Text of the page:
Avigdor Liberman, who prevented Prime Minister Benjamin Netanyahu from forming a majority coalition after the April elections, would again hold the balance of power were elections held today, two opinion polls showed Wednesday.
The surveys, broadcast by TV Channels 12 and 13, both showed a right-wing and Orthodox bloc of parties loyal to Netanyahu would fall slightly short of a Knesset majority, but that a centrist-left-Arab bloc would fall shorter still, with Liberman’s Yisrael Beytenu capable of playing kingmaker.
The surveys were taken as Labor, which fell to a dismal six in April, elected Amir Peretz as its new leader. Peretz, 67, a former defense minister, said Wednesday he had a program that would lift Labor to 15 seats when Israel next goes to the polls.
The surveys, conducted after former prime minister Ehud Barak announced his return to politics last week, showed Netanyahu firmly preferred by Israelis to both Blue and White leader Benny Gantz and Barak.
The Channel 12 survey showed support for the various parties, ahead of new elections scheduled for September 17, as follows: Netanyahu’s Likud 32 (down from 35, plus 4 from Kulanu, in the April 7 elections); Gantz’s Blue and White 31 (down from 35); Joint Arab List 12 (10); Yisrael Beytenu 9 (5); Labor 8 (6); Shas 7 (8); United Torah Judaism 7 (8); Union of Right-Wing Parties 5 (5); New Right 5 (0) and Meretz 4 (4).
Ehud Barak’s unnamed new party was placed just below the 3.25% Knesset threshold at 3%, and Moshe Feiglin’s Zehut was also below the threshold at 2.1%.
Those figures amount to a 56-strong bloc for the right/ultra-Orthodox and 51 for the center-left-Arabs, with Liberman holding the balance of power.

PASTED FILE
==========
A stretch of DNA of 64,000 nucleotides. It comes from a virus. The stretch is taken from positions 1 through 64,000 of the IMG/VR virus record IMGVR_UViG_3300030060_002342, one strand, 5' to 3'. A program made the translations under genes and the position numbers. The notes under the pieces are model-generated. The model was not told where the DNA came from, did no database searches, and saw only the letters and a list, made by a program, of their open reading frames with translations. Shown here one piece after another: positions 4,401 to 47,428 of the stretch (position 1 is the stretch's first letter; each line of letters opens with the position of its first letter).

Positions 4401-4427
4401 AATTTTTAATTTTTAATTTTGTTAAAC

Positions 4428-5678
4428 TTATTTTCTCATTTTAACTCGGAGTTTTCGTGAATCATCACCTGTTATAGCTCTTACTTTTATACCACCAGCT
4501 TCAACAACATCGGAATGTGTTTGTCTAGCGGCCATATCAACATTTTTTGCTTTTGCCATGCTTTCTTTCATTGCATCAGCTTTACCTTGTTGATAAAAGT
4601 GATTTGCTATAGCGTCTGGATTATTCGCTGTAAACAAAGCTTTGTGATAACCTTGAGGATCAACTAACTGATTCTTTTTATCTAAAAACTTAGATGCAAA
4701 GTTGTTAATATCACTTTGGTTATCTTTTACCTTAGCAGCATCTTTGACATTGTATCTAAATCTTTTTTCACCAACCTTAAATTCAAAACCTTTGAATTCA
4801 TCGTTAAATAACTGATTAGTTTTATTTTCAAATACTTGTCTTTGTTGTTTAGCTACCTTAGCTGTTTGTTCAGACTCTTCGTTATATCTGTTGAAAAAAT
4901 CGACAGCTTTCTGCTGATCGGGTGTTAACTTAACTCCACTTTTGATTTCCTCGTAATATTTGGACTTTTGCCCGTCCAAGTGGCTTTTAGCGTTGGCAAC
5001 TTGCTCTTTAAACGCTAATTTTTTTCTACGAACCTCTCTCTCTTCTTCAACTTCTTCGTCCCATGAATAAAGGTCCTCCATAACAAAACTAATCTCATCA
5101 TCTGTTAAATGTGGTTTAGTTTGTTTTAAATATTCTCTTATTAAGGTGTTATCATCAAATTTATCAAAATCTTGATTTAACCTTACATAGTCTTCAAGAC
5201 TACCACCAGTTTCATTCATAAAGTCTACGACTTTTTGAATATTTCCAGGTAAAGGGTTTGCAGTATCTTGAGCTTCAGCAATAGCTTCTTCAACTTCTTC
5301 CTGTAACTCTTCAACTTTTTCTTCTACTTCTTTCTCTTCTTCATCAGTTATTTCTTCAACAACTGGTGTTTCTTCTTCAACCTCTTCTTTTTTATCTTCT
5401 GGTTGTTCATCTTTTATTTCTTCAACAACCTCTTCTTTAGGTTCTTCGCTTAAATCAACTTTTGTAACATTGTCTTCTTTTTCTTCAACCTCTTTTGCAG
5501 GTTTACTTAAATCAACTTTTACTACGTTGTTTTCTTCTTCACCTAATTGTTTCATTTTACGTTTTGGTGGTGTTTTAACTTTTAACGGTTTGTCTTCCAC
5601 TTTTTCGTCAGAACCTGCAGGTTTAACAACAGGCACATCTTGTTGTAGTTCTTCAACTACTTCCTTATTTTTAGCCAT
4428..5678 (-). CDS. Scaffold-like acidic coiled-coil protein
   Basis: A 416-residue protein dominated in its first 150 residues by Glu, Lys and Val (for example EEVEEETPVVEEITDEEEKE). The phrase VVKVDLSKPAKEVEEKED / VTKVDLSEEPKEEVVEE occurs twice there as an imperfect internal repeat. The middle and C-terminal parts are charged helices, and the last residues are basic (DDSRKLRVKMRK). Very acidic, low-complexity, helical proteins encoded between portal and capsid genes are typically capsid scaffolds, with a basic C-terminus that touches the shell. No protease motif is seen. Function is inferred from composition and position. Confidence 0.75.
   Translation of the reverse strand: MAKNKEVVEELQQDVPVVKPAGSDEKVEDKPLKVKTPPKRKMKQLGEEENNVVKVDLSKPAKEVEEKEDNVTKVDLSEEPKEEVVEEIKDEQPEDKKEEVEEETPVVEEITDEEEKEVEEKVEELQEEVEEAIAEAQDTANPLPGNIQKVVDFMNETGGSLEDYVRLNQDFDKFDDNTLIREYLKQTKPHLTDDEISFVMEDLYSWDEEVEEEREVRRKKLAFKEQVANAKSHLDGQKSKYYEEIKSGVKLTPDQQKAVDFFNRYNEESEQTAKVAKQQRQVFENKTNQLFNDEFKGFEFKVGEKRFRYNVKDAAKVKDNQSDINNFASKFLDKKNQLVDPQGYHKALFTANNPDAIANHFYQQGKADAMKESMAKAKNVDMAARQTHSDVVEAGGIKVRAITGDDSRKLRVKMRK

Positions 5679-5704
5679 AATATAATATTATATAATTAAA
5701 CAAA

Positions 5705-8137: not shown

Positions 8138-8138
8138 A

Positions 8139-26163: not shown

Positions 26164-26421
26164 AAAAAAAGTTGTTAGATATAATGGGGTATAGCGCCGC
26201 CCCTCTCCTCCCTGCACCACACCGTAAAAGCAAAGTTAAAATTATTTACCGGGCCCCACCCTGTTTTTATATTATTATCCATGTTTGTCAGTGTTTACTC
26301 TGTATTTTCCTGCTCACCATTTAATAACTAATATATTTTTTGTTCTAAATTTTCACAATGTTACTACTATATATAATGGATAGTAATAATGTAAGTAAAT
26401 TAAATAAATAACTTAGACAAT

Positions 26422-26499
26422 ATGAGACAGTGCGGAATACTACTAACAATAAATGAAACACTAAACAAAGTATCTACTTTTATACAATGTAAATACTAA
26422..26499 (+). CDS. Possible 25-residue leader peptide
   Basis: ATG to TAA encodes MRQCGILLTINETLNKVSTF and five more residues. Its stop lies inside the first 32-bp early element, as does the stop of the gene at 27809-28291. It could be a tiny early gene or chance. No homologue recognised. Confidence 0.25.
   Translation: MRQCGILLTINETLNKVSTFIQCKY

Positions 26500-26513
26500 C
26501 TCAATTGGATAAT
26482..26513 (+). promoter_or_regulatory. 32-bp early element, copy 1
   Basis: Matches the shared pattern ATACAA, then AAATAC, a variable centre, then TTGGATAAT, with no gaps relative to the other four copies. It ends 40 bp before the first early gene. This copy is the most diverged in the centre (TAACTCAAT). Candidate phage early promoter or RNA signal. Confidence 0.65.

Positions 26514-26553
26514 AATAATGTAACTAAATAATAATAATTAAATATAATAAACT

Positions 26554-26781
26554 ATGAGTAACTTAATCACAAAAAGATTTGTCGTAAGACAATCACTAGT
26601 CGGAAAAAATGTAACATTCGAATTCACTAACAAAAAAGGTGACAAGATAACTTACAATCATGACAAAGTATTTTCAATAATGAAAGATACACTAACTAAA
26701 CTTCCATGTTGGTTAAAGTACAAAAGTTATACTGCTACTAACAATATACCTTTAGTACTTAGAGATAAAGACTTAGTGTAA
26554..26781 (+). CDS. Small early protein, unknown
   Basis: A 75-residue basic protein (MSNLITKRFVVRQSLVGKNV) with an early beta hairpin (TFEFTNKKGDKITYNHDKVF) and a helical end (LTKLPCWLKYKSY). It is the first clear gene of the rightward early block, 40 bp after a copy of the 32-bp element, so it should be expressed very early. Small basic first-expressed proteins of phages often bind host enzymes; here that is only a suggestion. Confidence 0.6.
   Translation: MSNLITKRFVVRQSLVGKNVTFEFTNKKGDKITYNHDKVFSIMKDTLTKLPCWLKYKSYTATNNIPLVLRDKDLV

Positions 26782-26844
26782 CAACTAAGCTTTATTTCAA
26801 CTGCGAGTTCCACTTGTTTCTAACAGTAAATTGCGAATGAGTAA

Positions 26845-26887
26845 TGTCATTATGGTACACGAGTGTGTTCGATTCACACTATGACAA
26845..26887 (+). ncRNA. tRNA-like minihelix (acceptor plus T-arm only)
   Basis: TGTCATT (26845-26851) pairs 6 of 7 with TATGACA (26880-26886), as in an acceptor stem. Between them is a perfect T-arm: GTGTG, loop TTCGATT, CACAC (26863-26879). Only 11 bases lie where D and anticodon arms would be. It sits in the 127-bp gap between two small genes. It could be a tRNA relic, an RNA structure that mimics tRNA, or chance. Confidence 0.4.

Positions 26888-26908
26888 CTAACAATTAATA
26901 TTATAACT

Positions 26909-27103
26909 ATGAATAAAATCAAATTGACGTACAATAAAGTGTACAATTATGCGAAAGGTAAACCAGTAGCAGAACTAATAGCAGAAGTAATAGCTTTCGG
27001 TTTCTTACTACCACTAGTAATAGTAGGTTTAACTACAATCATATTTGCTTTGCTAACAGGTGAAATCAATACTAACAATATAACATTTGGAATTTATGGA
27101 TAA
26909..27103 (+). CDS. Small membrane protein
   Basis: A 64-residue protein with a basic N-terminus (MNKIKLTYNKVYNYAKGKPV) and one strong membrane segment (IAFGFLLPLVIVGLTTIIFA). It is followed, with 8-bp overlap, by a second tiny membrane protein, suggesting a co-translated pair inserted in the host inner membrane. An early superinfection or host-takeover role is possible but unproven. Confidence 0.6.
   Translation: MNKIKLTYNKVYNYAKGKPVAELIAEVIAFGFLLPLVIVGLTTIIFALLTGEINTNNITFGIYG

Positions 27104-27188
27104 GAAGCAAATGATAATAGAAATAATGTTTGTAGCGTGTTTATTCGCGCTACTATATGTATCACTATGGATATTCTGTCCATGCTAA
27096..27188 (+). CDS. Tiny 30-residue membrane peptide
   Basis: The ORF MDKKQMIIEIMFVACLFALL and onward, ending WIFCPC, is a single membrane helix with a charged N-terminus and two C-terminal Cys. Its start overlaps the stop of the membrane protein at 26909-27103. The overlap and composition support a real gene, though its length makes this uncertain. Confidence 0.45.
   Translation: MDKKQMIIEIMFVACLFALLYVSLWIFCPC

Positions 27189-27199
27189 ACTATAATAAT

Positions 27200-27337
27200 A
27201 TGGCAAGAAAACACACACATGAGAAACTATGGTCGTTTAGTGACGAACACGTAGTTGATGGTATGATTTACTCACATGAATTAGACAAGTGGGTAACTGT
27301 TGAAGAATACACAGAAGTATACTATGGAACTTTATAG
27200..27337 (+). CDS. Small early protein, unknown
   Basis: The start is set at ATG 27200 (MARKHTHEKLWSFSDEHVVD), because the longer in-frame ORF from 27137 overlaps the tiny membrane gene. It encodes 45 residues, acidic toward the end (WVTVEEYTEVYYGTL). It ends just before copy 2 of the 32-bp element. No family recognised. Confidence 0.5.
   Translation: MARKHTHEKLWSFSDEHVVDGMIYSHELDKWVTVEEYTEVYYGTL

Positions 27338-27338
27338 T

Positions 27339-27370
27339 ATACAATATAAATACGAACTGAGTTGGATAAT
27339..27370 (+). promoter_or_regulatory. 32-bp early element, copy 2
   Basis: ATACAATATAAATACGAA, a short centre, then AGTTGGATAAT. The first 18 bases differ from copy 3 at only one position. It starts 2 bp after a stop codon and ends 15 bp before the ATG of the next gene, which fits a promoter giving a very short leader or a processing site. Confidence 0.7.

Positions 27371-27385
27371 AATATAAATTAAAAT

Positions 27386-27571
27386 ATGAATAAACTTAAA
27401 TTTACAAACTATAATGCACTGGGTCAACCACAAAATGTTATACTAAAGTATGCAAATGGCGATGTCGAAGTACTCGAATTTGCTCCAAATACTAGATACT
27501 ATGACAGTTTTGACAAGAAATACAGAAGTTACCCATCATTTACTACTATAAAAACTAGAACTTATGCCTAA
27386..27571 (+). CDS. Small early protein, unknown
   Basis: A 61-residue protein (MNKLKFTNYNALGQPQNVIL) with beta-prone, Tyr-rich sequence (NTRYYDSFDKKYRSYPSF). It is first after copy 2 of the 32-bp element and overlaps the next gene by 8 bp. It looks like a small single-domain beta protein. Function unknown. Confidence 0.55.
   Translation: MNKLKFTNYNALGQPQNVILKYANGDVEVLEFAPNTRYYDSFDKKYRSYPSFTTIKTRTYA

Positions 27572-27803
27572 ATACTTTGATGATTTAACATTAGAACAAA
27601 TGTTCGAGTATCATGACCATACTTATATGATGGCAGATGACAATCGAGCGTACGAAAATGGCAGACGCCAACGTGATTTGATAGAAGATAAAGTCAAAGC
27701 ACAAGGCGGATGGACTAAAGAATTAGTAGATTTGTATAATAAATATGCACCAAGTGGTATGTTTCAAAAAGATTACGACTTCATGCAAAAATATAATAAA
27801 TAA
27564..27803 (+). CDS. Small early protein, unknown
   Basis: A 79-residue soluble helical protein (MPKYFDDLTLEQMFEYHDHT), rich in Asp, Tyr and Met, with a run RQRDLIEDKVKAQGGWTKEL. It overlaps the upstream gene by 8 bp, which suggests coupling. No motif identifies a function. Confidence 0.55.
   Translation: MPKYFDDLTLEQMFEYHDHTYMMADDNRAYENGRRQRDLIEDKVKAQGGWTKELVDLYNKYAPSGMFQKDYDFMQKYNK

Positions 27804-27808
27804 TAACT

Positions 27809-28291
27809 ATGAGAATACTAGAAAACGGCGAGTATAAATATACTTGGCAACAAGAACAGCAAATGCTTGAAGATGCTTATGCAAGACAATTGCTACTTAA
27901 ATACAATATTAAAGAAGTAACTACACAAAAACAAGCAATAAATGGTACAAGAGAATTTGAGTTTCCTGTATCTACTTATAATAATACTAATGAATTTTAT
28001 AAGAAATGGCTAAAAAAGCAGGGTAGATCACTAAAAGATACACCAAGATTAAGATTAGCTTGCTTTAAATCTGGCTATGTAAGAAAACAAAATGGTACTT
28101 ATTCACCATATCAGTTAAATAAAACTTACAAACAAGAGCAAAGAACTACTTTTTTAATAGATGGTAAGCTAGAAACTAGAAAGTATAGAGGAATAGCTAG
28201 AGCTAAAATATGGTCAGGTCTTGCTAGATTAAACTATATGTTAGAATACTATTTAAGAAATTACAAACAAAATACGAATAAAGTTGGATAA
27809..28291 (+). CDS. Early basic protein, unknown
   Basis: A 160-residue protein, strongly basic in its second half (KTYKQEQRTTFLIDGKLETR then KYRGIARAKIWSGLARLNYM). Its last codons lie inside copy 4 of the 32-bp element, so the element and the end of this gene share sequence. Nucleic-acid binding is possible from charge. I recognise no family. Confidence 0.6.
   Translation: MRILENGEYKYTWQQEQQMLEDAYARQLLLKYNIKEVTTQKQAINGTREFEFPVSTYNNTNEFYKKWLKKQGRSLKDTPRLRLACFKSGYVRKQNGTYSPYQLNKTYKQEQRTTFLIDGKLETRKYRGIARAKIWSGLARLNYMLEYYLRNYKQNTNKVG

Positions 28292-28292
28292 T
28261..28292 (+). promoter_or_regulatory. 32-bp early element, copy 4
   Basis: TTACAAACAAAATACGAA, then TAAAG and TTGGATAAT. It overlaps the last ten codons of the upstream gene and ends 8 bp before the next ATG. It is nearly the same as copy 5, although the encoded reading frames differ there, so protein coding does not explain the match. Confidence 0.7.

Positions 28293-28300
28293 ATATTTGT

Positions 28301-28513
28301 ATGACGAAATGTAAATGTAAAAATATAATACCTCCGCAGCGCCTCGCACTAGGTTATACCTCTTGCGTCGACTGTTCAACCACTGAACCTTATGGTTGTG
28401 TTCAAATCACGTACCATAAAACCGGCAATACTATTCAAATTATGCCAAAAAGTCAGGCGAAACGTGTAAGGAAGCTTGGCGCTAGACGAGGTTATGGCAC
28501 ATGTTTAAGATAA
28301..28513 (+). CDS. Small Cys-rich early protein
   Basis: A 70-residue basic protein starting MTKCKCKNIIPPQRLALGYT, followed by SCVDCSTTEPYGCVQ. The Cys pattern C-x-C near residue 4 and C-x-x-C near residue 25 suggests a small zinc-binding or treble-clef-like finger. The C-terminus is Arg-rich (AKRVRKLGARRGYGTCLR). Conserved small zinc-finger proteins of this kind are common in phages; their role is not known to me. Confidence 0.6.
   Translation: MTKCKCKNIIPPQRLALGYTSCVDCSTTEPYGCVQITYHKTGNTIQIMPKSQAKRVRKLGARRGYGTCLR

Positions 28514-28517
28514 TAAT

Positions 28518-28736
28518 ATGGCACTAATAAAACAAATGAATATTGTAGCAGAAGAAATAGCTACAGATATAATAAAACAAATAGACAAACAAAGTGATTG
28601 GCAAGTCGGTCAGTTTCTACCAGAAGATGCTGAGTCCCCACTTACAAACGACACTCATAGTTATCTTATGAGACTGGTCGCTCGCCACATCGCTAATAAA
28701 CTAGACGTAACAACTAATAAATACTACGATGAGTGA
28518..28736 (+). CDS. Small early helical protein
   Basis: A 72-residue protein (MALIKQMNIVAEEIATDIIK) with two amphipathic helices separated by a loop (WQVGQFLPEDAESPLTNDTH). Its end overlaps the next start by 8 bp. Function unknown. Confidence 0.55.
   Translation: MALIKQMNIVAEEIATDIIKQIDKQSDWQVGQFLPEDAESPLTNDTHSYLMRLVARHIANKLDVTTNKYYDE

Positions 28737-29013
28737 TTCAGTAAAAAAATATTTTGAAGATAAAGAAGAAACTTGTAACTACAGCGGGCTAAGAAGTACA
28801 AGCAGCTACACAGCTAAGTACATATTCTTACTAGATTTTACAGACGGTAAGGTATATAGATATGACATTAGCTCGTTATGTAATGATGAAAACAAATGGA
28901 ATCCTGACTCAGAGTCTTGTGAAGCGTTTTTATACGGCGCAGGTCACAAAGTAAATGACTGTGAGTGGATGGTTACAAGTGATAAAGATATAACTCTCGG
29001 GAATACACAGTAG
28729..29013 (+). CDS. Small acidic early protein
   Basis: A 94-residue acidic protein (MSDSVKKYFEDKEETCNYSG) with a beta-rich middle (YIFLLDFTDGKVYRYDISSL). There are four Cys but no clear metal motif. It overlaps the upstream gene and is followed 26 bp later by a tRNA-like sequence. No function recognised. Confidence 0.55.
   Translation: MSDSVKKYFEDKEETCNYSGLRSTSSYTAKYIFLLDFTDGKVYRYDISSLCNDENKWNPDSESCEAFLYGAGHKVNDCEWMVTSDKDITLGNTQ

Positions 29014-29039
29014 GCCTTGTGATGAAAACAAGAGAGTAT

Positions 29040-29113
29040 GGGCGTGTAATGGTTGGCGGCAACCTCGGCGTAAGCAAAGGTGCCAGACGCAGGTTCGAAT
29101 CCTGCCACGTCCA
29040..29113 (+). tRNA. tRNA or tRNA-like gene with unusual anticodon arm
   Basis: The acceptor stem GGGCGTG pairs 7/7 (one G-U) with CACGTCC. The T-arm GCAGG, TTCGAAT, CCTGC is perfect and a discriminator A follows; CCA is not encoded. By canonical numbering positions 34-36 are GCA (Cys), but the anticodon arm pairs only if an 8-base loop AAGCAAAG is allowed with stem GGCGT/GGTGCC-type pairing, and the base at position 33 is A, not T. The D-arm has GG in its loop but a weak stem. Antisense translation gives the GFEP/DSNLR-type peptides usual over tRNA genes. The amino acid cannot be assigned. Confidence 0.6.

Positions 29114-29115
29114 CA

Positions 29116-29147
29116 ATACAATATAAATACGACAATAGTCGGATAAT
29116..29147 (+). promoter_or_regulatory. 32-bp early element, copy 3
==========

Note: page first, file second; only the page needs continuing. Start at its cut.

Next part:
The same survey showed 40% prefer Netanyahu as prime minister compared to 30% for Gantz, and 41% favor Netanyahu as premier compared to 16% for Barak.
Conducted by Midgam by phone and internet among 600 representative voters, the survey had a 4% margin of error.
The Channel 13 survey differed slightly. It gave Likud 31; Blue and White 29; Joint Arab List 9; Yisrael Beytenu 8; Labor 7; Shas 7; Ehud Barak’s party 6; United Torah Judaism 6; New Right 5; Union of Right-Wing Parties 4, Meretz 4 and Zehut 4.
That adds up to a 57-strong right/ultra-Orthodox bloc and a 55-strong center-left-Arab bloc, with Liberman again the potential kingmaker
Asked their preference for prime minister, 46% said Netanyahu, 24% said Gantz and 10% said Barak.
This survey, conducted by Statnet among a 700-strong representative sample of Israeli voters, also had a 4% margin of error.
Israelis went to the polls on April 9, and 65 of the 120 MKs who were elected then recommended Netanyahu as prime minister. But over the subsequent weeks of talks, Netanyahu failed to negotiate a majority coalition, with Liberman refusing to join because he was not given a guarantee that a bill regulating the drafting of ultra-Orthodox males into the IDF would be passed in its current form. Rather than allow another MK the opportunity to try to form a majority coalition, Netanyahu successfully pushed for the dissolution of the Knesset on May 30, setting another election for September 17.